Literary gems in a time of rude health

If the state of a nation’s writing can be judged by the breadth and depth of its prizes, South Africa’s is in rude health. Topping off a rich season of literary gongs are the Alan Paton and Sunday Times awards, to be presented on August 1. In a little less than two months we’ve seen winners of the University of Johannesburg (UJ) prizes, the European Union Literary Award, the Via Afrikas and the M-Nets.

Laurels aside, authoring, publishing and collegial rivalries are nicely robust. It has been fascinating to watch a clutch of authors and their titles vying for the top prizes. In fiction Michiel Heyns (Bodies Politic, Jonathan Ball) has been shortlisted four times, Damon Galgut (The Impostor, Penguin SA) thrice, and Anne Landsman (The Rowing Lesson, Kwela Books) twice. Galgut took the UJ Main award, Landsman the M-Net and Heyns the Herman Charles Bosman Prize for English literary writing and autobiography (the last open only to imprints of NB Publishers).

All three are up for the Sunday Times Fiction Prize, now in its ninth year. Joining them are Whiplashby Tracey Farren (Modjaji Books) and The Lost Colours of the Chameleon by Mandla Langa (Picador Africa). Langa was recused from consideration for the M-Net award because he is a longstanding patron of that prize. Farren’s appearance on the shortlist is momentous also for her publisher Colleen Higgs, who founded the independent Modjaji Books just over two years ago.

Higgs spearheaded the award-winning Community Publishing Project (CPP) when she worked at the Centre for the Book, a specialist unit of the National Library in Cape Town. She shepherded 30 books, many in African languages, through the CPP, as well as writing A Rough Guide to Small-Scale and Self-Publishing. On leaving the centre she set up Modjaji, which has scored a shortlisting with its first fiction title.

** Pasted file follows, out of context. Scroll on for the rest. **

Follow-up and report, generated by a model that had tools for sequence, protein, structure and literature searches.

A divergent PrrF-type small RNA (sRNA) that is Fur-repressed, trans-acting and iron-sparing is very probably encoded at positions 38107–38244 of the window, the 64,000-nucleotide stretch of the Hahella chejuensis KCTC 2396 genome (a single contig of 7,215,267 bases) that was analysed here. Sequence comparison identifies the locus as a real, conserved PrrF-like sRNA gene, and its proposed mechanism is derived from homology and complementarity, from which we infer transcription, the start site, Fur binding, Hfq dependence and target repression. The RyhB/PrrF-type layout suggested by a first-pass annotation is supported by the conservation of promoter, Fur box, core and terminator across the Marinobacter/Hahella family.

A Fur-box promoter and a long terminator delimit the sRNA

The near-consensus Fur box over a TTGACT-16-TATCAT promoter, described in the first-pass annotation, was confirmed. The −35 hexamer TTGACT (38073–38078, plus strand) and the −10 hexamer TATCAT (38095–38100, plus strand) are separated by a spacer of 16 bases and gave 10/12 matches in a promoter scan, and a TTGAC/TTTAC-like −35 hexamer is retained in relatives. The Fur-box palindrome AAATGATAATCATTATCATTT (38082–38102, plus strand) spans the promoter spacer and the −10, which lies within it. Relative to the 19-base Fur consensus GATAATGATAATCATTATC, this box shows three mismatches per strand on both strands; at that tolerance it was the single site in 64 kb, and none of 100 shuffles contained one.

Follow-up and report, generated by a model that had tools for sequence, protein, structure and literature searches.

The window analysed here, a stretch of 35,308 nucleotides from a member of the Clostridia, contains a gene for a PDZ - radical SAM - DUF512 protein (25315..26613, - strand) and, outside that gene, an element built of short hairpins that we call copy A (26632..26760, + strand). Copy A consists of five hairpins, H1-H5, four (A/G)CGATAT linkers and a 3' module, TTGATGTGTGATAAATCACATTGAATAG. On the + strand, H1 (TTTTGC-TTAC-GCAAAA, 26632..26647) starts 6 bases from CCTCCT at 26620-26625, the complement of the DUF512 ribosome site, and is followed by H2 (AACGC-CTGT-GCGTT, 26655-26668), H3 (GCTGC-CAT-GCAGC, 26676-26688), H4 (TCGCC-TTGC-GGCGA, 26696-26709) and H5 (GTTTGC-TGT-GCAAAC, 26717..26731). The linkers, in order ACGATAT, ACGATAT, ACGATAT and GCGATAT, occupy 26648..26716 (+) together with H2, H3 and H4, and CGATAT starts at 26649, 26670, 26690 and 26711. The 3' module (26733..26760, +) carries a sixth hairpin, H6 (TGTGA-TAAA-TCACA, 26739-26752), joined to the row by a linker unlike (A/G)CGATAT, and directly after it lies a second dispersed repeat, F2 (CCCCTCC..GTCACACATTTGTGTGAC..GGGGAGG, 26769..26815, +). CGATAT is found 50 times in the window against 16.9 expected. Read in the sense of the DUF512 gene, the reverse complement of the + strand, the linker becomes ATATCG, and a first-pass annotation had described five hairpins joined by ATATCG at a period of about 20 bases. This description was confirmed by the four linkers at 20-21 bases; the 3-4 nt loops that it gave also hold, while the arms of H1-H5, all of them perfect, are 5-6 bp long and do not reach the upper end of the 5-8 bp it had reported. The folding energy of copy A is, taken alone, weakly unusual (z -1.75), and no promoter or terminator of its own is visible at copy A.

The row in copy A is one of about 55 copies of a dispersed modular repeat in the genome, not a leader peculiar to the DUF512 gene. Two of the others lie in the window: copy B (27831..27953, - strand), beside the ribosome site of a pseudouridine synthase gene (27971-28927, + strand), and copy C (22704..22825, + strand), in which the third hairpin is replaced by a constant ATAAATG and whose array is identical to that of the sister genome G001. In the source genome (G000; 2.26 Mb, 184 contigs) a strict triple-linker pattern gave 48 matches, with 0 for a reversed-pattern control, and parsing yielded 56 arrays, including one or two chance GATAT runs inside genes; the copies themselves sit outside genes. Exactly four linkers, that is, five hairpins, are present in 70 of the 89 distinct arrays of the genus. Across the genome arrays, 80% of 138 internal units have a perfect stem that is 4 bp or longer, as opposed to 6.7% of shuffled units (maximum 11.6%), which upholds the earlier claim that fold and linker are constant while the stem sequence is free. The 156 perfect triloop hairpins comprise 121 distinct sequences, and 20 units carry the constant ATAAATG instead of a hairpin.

Competition is fierce for the 20th Alan Paton Award. A barometer of non-fiction, the Paton again reflects life-writing, the country’s pre-eminent genre.

Street Blues by Andrew Brown (Zebra Press) is an autobiographical account of the author’s time as a police reservist in Cape Town. Brown won the Sunday Times Fiction Prize a few years ago for his crime novel, Cold Sleep Lullaby. Should he take the Paton, he will join Ivan Vladislavic, to date the only author to have won both the Sunday Times and the Paton.

Ahmed Kathrada, Paton runner-up in 2005, enters the lists again with A Simple Freedom, authored with Tim Couzens (Wild Dog Press). An illustrated memoir of his imprisonment on Robben Island, the book adds to the rich oeuvre of apartheid-era life stories recollected and recounted in the relative tranquillity of post-apartheid age.

Three-letter Plague by Jonny Steinberg (Jonathan Ball) shows the double Paton-winner (Midlands in 2003 and The Number in 2005) examining HIV/Aids through the prism of one man’s experience in rural South Africa. It offers the blend of biography, reportage and social analysis that Steinberg has made his hallmark.

Choice Not Fate — The Life and Times of Trevor Manuel by Pippa Green (Penguin SA) is a comprehensive biography of the former finance minister. Weighty in subject and in its hardback splendour, it is the “big life” on the list.

Lawyers have made an impact on the literary scene, from George Bizos’s autobiography (shortlisted for the Paton in its year) to Brown’s Cold Sleep Lullaby and David Dison’s somewhat dystopian thriller, Death in the New Republic. Not to be omitted from the legal fraternity are Justice Edwin Cameron, a Paton winner in 2006 for his autobiography, and Judge Dennis Davis, author of numerous works, most recently Precedent and Possibility: The (Ab)use of Law in South Africa, co-written with advocate Michelle le Roux.

The latest literary lawyer is Peter Harris, whose account of the Delmas Four is the subject of In a Different Time (Umuzi). This year marks the 20th anniversary of the Delmas case and it would be synchronous if Harris were to win what is also the 20th edition of the Alan Paton Award. This apartheid story should not be forgotten and, in that spirit, I am rooting for it.

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Darryl Accone
Darryl Accone
Darryl Accone has been in journalism for the best part of four decades. He is also a Fellow of the Salzburg Seminar and the International Writers Workshop of Hong Kong Baptist University and the author of ‘All Under Heaven: The Story of a Chinese Family in South Africa’ and ‘Euripides Must Die’.

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